Worst Boston Contractors of 2012

Worst Boston Contractors of 2012

Red Apple Renovations | Andover, Mass.

Two weeks after paying Red Apple Renovations owner Chris Matey $16,800 for a bathroom remodel last May, Angie’s List member Jessica Tufts of Topsfield, Mass., says Matey told her the company was going out of business due to a major supplier pulling his line of credit. “At that point I knew he had taken the money and ran,” Tufts says of the money she paid him to make a bathroom handicapped-accessible for her daughter. Court records show Matey filed for bankruptcy in August, listing $1.7 million in unsecured debts, including $946,690 owed to 28 homeowners.

Chris Matey Red Apple Chris Matey (right) attends a bankruptcy hearing in October with his attorney, Jesse Redlener. (Photo by Mark Wilson)

Red Apple has a B rating on the List based on 17 reports, but the company took a sharp nose dive in 2012, earning four straight F reviews since April. Angie's List members allege Matey took their money, but left them with shoddy, incomplete or never-started projects. They also accuse him of failing to pay subcontractors, which resulted in liens being placed on their homes.

Greg Doyle, owner of Doyle Lumber, says he tried unsuccessfully to collect a $100,000 debt from Matey in April, then placed liens on the homes of about 20 of Matey’s former clients in an effort to recoup his losses. “[Matey] was a fantastic salesman and I had faith he would pay me back, but then came the mound of excuses,” Doyle says. “Losing that money hurts business; I had to do something.”

One of those former clients, Arlington, Mass., member Ian Pilarczyk, says he feels victimized twice — once by Matey, to whom he says he lost $35,000 because Matey left his project incomplete, then by Doyle Lumber. “We were screwed by Red Apple, then the suppliers,” says Pilarczyk, who filed a lawsuit against Matey in September in Middlesex County. Court records also show Matey faces a civil suit from Doyle Lumber for the $100,000 debt.

One consumer also filed a claim against the company with the state’s Office of Consumer Affairs & Business Regulation, spokesman Matthew Kraunelis says. The office’s guaranty fund reimburses consumers up to $10,000 for uncollected civil judgments. A notice on the company’s profile alerts members that the company is out of business. Matey, whose contractor license is valid and up for renewal in 2013, state records show, did not return messages for comment.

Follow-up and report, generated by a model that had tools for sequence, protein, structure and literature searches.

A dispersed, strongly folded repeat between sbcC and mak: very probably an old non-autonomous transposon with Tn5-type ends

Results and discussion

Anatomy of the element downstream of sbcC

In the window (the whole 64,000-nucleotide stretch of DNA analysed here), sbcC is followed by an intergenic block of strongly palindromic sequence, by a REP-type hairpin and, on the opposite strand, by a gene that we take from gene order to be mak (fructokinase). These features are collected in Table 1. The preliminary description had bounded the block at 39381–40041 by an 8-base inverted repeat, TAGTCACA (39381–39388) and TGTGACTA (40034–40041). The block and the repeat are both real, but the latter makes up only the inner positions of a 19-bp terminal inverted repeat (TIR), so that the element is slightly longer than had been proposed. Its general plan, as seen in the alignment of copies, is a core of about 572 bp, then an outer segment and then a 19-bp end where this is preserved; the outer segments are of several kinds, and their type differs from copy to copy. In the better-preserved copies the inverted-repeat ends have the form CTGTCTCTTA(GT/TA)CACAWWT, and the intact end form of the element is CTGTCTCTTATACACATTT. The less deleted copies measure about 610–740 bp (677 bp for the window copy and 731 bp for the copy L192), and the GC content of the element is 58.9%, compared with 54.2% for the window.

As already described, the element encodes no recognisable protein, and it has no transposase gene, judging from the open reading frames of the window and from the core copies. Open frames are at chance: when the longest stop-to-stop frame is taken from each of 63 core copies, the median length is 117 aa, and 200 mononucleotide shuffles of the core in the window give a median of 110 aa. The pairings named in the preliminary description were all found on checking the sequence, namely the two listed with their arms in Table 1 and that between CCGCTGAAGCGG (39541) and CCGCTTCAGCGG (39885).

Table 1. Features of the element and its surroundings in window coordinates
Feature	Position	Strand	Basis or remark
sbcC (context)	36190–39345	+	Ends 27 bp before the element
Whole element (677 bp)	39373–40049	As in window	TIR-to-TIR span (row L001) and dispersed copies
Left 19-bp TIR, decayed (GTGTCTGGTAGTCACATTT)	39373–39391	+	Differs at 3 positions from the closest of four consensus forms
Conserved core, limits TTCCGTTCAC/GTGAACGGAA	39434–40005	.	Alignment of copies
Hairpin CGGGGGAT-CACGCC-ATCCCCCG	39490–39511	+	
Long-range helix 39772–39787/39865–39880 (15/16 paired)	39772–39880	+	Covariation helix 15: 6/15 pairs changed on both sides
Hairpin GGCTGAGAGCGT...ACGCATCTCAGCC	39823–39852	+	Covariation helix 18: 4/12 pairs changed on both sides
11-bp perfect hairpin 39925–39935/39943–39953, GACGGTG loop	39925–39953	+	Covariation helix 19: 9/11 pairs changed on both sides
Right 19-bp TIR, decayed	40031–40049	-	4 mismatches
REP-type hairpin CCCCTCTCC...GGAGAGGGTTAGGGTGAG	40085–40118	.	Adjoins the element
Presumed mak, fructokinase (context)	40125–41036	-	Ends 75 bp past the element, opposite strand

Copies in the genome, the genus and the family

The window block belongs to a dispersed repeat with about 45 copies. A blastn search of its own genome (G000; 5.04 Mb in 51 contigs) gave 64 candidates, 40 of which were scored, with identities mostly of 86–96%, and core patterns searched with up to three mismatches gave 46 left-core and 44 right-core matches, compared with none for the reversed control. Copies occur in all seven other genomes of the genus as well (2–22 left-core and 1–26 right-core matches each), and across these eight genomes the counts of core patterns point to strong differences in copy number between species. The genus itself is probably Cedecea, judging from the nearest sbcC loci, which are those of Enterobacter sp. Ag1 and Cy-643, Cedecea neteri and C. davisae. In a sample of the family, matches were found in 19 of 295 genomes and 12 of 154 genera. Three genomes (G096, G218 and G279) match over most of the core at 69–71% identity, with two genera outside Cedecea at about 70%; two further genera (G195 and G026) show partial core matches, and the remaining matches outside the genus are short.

Joel Salvatore | Framingham, Mass.

In June, a Norfolk Superior Court judge sentenced former bathroom remodeling salesman Joel Salvatore of Stoneham to two years in prison and six years of probation in connection with defrauding three homeowners of $17,600, according to the Massachusetts attorney general. Court documents show Salvatore, a former employee of Framingham-based Bay State Re-Bath, offered services to Bay State customers at a discounted rate and personally collected payments from them without ever doing the work, the AG says.

Salvatore, who has prior felony convictions in 1999 for federal mail and wire fraud for which he was ordered to pay $798,092 in restitution, is serving time in the Massachusetts Correctional Institution-Cedar Junction, state records show. Jennifer Bylo, owner of B-rated Bay State Re-Bath, says she terminated Salvatore after only four months when his work became inconsistent and he failed a federal background check. “He used my company to get access to my customers. "His actions were unfathomable,” she says. “Our reputation has suffered because of it.

Northeast Demolition and Removal | Middleboro, Mass.

Northeast Demolition and Removal owners Arthur and Laurajo Amaral faced a Feb. 4 trial date on charges that they stole hundreds of thousands of dollars from five homeowners for materials and services never delivered, says Grant Woodman of the state attorney general’s office.

One of those homeowners, Coleen Standring of Waltham, Mass., says it’s about time the Amarals — also named a 2011 Worst Contractor in Boston — went to trial. “They deserve what’s coming to them,” she says, adding that despite winning a $569,000 default judgment against Northeast, she’s yet to see any money.

In September, federal court documents show a judge denied Arthur’s request to discharge his $2.1 million bankruptcy, saying Arthur made false statements under oath and hid property. The state revoked Arthur’s home improvement contractor license in 2011, state records show.

The Amarals did not return messages seeking comment.

Leave a Comment - 2


J. David Tholl

Subject: Reply to charles malia about "sleazy customers".

Since contractors tend to trade wholesale (mass-market) while customers tend to buy retail (one by one), sleazy contractors are far more likely to cause widespread financial harm than sleazy customers. But I take your point about disreputable customers.

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